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Bacterial physiology

An inside job on metabolism

Credit: Philip Patenall/Macmillan Publishers Limited

Mycobacterium tuberculosis, the causative agent of tuberculosis, is an intracellular pathogen that has adapted to a life inside of host macrophages. Metabolic adaptations to changes in environmental conditions are thought to be crucial for the virulence and survival of M. tuberculosis during pathogenesis; for example, by adapting to host responses that starve intracellular bacteria of amino acids and adapting to hypoxic environments. Two new studies reveal how M. tuberculosis adapts to environmental stresses that are associated with an intracellular lifestyle.

In the first study, Rieck et al. investigated the role of the mycobacterial serine/threonine kinase PknG and its substrate GarA in contributing to the virulence of M. tuberculosis. PknG phosphorylates GarA, and this results in the regulation of the tricarboxylic acid (TCA) cycle and glutamate synthesis. The authors found that GarA is required for the efficient growth of M. tuberculosis in macrophages and for virulence in mice, and confirmed that phosphorylation sites on the protein were required for efficient growth. Next, the authors observed that disruption of garA and pknG caused specific and opposing effects on nutrient requirements for growth. Specifically, disruption of garA led to a dependence on glutamate and asparagine, whereas disruption of pknG led to a defect in the utilization of these amino acids.

M. tuberculosis adapts to environmental stresses that are associated with an intracellular lifestyle”

The authors then investigated the environmental signals that alter the phosphorylation status of GarA and found that it is unphosphorylated only during starvation conditions. The addition of amino acids that can restore growth in ΔgarA mutants resulted in the phosphorylation of GarA. Furthermore, metabolome analyses showed that amino acid metabolism is the main target of regulation by GarA and PknG. Together, these observations provided strong evidence that M. tuberculosis may sense amino acid levels inside host cells to control amino acid metabolism.

In a second study, Eoh et al. investigated the response of M. tuberculosis to hypoxic conditions. Using an in vitro hypoxia model, the authors found that hypoxia results in the accumulation of intermediates of the early stages of glycolysis and the pentose phosphate pathway, which were linked to hypoxia-dependent decreases in a downstream glycolytic intermediate, phosphoenolpyruvate, and an upstream glucose disaccharide, trehalose, which can act as a carbon store. After exposing M. tuberculosis to hypoxic conditions in the presence of 13C-labelled glucose or acetate, metabolites predominantly accumulated in the unlabelled fraction, which suggests the metabolism of a pre-existing store, such as trehalose. As trehalose is a major component of the cell surface mycolyl glycolipids of M. tuberculosis, the authors hypothesized that hypoxia induced the catabolism of these lipids, which was confirmed using lipidomics. The authors then observed that these accumulated metabolic intermediates were used for growth after re-aeration. In summary, this study indicates that M. tuberculosis responds to hypoxic environments by mounting a metabolic response in anticipation of ultimately re-entering the cell cycle.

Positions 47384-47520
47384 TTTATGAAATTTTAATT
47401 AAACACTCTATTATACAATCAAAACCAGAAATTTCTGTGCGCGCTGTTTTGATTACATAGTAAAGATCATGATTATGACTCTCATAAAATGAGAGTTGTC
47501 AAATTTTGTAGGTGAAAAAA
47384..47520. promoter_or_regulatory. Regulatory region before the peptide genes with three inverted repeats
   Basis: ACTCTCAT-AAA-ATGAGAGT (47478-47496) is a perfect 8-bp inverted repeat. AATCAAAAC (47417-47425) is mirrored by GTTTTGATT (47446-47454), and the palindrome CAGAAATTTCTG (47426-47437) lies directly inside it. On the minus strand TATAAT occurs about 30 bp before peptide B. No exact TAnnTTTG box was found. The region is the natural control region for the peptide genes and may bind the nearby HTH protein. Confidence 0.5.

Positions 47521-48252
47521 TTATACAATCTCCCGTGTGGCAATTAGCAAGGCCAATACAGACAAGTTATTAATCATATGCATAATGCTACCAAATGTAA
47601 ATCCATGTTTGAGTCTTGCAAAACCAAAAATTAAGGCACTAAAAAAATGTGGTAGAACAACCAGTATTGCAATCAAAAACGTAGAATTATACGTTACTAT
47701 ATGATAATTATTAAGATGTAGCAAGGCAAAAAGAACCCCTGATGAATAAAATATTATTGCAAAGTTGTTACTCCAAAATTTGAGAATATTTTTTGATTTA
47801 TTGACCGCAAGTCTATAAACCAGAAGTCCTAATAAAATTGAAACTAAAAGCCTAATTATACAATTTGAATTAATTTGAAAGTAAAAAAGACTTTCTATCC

Together, these two studies provide strong evidence that sensing and responding to environmental changes are essential for bacteria that adopt intracellular lifestyles.

References

  1. 1

    Rieck, B. et al. PknG senses amino acid availability to control metabolism and virulence of Mycobacterium tuberculosis. PLoS Pathog. 13, e1006399 10.1371/journal.ppat.1006399(2017)

    CAS  Article  PubMed  PubMed Central  Google Scholar 

  2. 2

    Eoh, H. et al. Metabolic anticipation in Mycobacterium tuberculosis. Nat. Microbiol. 2, 17084 10.1038/nmicrobiol.2017.84(2017)

    CAS  Article  PubMed  PubMed Central  Google Scholar 

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York, A. An inside job on metabolism. Nat Rev Microbiol 15, 383 (2017). https://doi.org/10.1038/nrmicro.2017.68

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